Units space equipment for the production of fiberglass and asbestos filaments
Reviewed: October 24th Published: January 23rd Fibre-reinforced polymer FRP , also Fibre-reinforced plastic , is a composite material made of a polymer matrix reinforced with fibres. The fibres are usually glass, carbon, or aramid, although other fibres such as paper or wood or asbestos have been sometimes used. The polymer is usually an epoxy, vinylester or polyester thermosetting plastic, and phenol formaldehyde resins are still in use. FRPs are commonly used in the aerospace, automotive, marine, and construction industries.VIDEO ON THE TOPIC: Fiberglass Overview
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Chemical Hazard Sign - Asbestos
Fiberglass refers to a group of products made from individual glass fibers combined into a variety of forms. Glass fibers can be divided into two major groups according to their geometry: continuous fibers used in yarns and textiles, and the discontinuous short fibers used as batts, blankets, or boards for insulation and filtration. Fiberglass can be formed into yarn much like wool or cotton, and woven into fabric which is sometimes used for draperies.
Fiberglass textiles are commonly used as a reinforcement material for molded and laminated plastics. Fiberglass wool, a thick, fluffy material made from discontinuous fibers, is used for thermal insulation and sound absorption. It is commonly found in ship and submarine bulkheads and hulls; automobile engine compartments and body panel liners; in furnaces and air conditioning units; acoustical wall and ceiling panels; and architectural partitions.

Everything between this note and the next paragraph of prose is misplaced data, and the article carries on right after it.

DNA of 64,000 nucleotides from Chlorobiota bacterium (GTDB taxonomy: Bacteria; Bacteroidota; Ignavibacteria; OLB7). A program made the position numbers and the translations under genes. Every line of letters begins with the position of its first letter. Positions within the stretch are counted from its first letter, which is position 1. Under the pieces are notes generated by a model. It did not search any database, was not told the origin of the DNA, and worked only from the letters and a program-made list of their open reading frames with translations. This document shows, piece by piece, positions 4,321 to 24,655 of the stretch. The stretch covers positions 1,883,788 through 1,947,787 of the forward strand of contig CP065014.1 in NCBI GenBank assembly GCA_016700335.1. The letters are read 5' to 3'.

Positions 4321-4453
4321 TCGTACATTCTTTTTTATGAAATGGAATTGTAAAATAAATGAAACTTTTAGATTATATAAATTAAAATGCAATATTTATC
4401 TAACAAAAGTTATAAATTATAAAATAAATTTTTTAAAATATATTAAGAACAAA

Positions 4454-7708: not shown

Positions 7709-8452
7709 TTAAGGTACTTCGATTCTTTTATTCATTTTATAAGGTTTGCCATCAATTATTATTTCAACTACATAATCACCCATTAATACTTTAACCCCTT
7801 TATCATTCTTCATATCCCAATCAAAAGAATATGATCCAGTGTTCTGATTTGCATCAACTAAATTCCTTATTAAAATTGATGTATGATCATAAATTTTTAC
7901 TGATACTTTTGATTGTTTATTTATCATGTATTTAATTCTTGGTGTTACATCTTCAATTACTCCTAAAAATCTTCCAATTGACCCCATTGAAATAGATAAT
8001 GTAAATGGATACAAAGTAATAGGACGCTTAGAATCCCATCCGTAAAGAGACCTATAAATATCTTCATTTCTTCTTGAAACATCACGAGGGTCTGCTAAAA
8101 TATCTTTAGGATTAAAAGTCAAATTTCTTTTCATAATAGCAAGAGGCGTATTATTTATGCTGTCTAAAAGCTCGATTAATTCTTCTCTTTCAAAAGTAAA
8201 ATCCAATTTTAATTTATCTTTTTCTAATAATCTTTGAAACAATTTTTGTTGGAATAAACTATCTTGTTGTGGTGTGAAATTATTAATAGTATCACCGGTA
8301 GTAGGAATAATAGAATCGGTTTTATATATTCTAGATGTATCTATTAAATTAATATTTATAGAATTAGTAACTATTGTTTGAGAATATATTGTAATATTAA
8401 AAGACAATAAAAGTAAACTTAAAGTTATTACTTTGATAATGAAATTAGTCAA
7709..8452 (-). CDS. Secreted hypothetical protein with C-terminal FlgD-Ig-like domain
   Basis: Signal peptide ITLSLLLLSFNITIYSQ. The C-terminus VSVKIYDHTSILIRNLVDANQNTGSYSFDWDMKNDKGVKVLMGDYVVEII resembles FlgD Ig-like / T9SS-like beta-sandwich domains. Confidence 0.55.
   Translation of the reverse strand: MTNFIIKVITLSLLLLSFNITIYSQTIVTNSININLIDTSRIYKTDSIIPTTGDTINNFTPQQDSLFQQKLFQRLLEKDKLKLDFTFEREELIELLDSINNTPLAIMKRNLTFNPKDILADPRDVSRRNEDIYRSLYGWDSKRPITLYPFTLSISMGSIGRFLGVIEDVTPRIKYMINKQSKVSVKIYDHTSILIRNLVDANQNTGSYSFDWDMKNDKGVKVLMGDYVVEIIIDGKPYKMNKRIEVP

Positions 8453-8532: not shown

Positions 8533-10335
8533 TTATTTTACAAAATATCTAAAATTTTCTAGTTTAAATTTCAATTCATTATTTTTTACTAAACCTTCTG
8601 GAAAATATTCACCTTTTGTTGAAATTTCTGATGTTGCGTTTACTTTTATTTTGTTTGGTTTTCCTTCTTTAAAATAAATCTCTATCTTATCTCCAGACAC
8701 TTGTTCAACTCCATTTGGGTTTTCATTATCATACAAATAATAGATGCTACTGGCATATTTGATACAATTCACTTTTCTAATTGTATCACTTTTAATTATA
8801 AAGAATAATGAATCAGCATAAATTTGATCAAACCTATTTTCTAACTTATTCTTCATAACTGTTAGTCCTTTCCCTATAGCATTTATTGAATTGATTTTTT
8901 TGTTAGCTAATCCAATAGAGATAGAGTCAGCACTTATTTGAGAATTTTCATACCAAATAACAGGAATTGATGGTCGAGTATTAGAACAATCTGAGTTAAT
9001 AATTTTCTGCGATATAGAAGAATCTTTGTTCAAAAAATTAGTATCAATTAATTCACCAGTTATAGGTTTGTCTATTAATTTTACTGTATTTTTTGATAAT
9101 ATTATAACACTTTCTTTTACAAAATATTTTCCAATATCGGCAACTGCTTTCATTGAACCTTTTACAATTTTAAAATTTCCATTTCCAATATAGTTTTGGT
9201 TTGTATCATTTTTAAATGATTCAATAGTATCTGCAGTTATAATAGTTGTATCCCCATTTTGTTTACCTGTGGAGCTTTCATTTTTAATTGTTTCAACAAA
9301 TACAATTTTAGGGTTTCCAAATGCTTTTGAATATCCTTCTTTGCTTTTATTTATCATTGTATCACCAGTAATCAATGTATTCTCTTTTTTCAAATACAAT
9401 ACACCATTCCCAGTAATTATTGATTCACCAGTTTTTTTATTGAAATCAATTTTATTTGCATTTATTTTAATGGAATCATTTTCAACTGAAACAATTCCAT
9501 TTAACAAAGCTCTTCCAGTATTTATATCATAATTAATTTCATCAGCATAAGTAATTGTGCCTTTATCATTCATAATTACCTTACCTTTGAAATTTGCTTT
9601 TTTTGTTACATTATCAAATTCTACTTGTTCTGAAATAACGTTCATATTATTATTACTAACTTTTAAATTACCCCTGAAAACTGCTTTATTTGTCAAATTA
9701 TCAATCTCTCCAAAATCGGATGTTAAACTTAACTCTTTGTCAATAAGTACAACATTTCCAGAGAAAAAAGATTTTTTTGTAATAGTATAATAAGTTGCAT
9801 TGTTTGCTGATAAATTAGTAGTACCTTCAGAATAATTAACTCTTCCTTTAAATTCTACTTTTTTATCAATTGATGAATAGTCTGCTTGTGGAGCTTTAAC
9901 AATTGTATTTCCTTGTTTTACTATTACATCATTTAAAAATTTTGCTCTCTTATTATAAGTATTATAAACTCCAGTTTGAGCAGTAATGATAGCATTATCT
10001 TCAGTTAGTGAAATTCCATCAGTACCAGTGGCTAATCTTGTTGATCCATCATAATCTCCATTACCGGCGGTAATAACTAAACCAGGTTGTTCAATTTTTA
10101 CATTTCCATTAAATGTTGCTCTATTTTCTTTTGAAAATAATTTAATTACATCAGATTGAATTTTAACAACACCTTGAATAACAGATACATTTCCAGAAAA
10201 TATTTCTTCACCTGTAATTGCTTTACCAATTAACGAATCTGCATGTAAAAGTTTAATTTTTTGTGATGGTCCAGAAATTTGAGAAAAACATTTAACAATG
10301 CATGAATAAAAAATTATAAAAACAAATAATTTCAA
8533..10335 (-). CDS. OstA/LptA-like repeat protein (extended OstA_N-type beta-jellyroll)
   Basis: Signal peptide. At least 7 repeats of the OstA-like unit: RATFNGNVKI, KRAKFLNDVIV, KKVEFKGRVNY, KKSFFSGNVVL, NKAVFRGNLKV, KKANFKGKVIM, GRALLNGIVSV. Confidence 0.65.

Fiberglass can be tailored for specific applications such as Type E electrical , used as electrical insulation tape, textiles and reinforcement; Type C chemical , which has superior acid resistance, and Type T, for thermal insulation.
Though commercial use of glass fiber is relatively recent, artisans created glass strands for decorating goblets and vases during the Renaissance. A French physicist, Rene-Antoine Ferchault de Reaumur, produced textiles decorated with fine glass strands in , and British inventors duplicated the feat in A British silk weaver made a glass fabric in , and another inventor, Edward Libbey, exhibited a dress woven of glass at the Columbian Exposition in Chicago.
Glass wool, a fluffy mass of discontinuous fiber in random lengths, was first produced in Europe at the turn of the century, using a process that involved drawing fibers from rods horizontally to a revolving drum.
Several decades later, a spinning process was developed and patented. Glass fiber insulating material was manufactured in Germany during World War I. Research and development aimed at the industrial production of glass fibers progressed in the United States in the s, under the direction of two major companies, the Owens-Illinois Glass Company and Corning Glass Works.
These companies developed a fine, pliable, low-cost glass fiber by drawing molten glass through very fine orifices. In , these two companies merged to form Owens-Corning Fiberglas Corp. The basic raw materials for fiberglass products are a variety of natural minerals and manufactured chemicals. The major ingredients are silica sand, limestone, and soda ash. Other ingredients may include calcined alumina, borax, feldspar, nepheline syenite, magnesite, and kaolin clay, among others.